Georgia Tech head coach Josh Pastner coaches his team to a 81-78 overtime victory over Boston College in a NCAA college basketball game on Sunday, March 3, 2019, in Atlanta. Curtis Compton/ccompton@ajc.com

Breaking down Georgia Tech’s ACC schedule

It’s a new era for the ACC – a new network and a new 20-game conference schedule for men’s basketball.

Georgia Tech and coach Josh Pastner will be on the ACC Network plenty, and hope to use the league slate to get in position to earn a berth in the NCAA tournament for the first time since 2010. With 73 percent of the team’s scoring back and the addition of transfer guards Bubba Parham and Jordan Usher, Pastner has said his plan is for Tech to improve from 14-18 to being a tournament team.

“If we do win our share of games, we’re going to put ourselves in position to have a chance to play in the postseason,” Pastner said in an interview with the AJC.

Four observations about the schedule for Pastner’s fourth season:

1. Including the 20 league games, the Jackets will face power-conference opponents in 24 out of 31 games, including non-conference road games at Kentucky and Georgia.

“I think our schedule overall is the toughest in the country,” said Pastner, issuing what sounded like a potential favored talking point. “No one can say we’re not challenging ourselves.”

As Pastner has made mention previously, it’s a schedule designed to impress the NCAA tournament selection committee.

With the schedule in order, the Jackets now have to do their part. They received good news with Parham receiving a waiver for immediate eligibility, but will have to play their first eight games without Usher, their other transfer guard. He’ll miss the first two league games (N.C. State and Syracuse) and key non-conference games against Georgia, Arkansas, Nebraska and Kentucky. UGA and Kentucky are on the road.

“It’s a tough ordeal,” Pastner said. “We’ve got to be ready.”

2. The first five league games will be all the test that the Jackets could want. After the season opener at N.C. State, Tech will play a December 8 home game against Syracuse, then will start the bulk of ACC play at Florida State December 31, at North Carolina on January 4 and against Duke on January 8.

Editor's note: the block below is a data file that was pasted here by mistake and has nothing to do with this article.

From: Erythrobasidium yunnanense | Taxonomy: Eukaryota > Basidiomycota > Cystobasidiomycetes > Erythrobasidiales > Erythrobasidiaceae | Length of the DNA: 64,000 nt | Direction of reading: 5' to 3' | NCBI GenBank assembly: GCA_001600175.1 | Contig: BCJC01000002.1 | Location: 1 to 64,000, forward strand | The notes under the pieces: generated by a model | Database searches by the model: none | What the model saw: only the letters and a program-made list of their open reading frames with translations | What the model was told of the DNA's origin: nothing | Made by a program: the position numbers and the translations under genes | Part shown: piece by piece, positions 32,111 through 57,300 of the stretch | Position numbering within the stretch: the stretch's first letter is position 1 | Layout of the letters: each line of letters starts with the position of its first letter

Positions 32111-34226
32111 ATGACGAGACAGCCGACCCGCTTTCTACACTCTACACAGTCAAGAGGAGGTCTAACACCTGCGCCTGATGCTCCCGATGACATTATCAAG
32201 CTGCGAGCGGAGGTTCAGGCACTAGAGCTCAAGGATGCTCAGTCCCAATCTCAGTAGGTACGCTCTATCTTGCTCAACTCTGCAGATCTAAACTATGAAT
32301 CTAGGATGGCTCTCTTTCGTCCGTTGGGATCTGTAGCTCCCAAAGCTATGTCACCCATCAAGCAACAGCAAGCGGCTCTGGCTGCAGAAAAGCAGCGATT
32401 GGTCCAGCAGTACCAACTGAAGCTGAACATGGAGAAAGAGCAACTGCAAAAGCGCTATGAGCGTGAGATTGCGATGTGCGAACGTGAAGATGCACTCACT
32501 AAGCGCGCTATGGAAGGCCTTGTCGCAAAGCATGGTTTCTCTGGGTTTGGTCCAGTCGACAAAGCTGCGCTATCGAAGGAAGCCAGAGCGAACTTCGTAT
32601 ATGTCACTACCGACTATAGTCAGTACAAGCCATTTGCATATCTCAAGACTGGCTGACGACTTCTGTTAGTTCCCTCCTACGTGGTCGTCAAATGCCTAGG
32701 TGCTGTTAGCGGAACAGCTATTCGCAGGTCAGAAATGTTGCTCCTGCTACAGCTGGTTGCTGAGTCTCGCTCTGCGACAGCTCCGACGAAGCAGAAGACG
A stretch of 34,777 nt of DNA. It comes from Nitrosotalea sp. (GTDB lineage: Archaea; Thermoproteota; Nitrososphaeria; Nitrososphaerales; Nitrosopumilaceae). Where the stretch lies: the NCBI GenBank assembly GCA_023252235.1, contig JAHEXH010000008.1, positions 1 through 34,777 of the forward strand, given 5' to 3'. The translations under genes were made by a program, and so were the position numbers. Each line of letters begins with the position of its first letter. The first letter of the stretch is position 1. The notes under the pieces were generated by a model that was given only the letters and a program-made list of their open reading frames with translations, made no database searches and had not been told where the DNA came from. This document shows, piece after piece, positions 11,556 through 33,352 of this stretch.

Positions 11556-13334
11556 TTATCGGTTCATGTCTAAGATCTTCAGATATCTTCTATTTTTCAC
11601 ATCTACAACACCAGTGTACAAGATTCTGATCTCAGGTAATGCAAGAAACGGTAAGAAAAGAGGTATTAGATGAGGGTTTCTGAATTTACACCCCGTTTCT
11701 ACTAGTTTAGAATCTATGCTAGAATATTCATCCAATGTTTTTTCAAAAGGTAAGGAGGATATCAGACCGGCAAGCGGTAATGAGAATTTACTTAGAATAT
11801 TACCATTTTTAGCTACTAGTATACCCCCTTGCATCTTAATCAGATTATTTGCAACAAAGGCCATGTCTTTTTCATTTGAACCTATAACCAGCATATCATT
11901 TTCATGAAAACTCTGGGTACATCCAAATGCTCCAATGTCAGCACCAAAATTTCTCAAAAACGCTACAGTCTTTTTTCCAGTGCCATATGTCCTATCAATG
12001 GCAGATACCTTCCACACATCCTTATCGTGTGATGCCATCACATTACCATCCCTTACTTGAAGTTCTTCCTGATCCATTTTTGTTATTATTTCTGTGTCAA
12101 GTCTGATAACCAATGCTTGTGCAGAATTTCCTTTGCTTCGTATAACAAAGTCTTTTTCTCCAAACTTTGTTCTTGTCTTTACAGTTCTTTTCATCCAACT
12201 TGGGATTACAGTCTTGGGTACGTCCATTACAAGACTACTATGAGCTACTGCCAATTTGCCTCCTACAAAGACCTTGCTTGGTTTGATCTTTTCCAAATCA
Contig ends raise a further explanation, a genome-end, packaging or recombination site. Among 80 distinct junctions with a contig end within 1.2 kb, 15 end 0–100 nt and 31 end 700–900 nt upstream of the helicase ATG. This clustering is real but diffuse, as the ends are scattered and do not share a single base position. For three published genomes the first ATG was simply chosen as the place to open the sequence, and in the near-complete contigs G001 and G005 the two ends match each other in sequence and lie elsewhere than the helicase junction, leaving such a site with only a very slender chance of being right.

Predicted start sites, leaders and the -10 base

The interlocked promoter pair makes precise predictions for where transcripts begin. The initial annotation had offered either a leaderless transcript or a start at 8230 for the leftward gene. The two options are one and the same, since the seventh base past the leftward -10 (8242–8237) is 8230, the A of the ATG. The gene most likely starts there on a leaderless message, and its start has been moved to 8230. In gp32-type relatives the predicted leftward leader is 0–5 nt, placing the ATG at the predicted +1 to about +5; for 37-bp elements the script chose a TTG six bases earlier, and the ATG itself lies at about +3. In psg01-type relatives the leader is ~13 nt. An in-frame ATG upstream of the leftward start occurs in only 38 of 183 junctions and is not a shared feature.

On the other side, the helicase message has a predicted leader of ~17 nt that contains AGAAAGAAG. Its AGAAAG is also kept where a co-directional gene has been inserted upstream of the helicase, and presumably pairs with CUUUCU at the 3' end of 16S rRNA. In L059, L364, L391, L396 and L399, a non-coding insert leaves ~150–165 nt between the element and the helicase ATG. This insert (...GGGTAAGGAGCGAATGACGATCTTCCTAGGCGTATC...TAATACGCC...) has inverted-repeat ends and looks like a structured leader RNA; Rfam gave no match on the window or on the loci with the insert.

By the season-ending KenPom rankings, that’s Nos. 41, 39, 14, 7 and 4 teams, respectively, with three on the road. Pastner did not raise any objections or particular concerns.

“That’s the ACC,” he said. “Whoever you’re going to play is going to be tough.”

The tail end of the schedule, however, has a little more cushion. The final six games are at Wake Forest (KenPom No. 174), at Syracuse (No. 39), Clemson (No. 36), Miami (No. 75), Pittsburgh (No. 101) and at Clemson (No. 36).

3. From a rest/travel perspective, perhaps the two toughest games are road games at Syracuse (February 22) and Clemson (March 6).

The first, on a Saturday, will follow a road game at Wake Forest on Wednesday, meaning a late-night/early-morning return to Atlanta and an abbreviated prep for the Orange. Tech will play at Clemson on a Friday night on the last weekend of the regular season, two days after playing at home against Pitt.

Outside of Tech’s participation in the Diamond Head Classic in Hawaii, it will be the Jackets’ shortest rest between games this season. Syracuse and Clemson will operate on the same rest as Tech.

All told, Tech will have less rest between games for five ACC games, more rest for four games and the same for the other 10. (The 20th game is the November 5 season opener at N.C. State.)

Tech’s games after their open dates (one of which will be filled by a game against Morehouse) are at Notre Dame February 1 and at Wake Forest February 20.

Tech only plays one game against an opponent coming off its open date – Miami on February 29 at McCamish Pavilion.

4. Tech will play seven out of its eight first league games on the new ACC Network and nine total, which includes matchups with N.C. State, Syracuse, North Carolina, Duke and Virginia. The preponderance of early-season games on the network could be interpreted as a maneuver by ESPN to keep pressure on cable providers that have not picked up the ACC Network, notably Comcast Xfinity, which has a significant presence in Atlanta. It could also be seen as a coincidence, as Tech isn’t necessarily a huge TV draw.

“I know they want to get everybody involved to pick up the ACC Network,” Pastner said, speaking generally about ESPN and the ACC.

With nine total ACC Network games – and another two that could also be broadcast there – Tech is tied for the fourth most number of games on the network, following Wake Forest (12), Miami (11) and Boston College (10).

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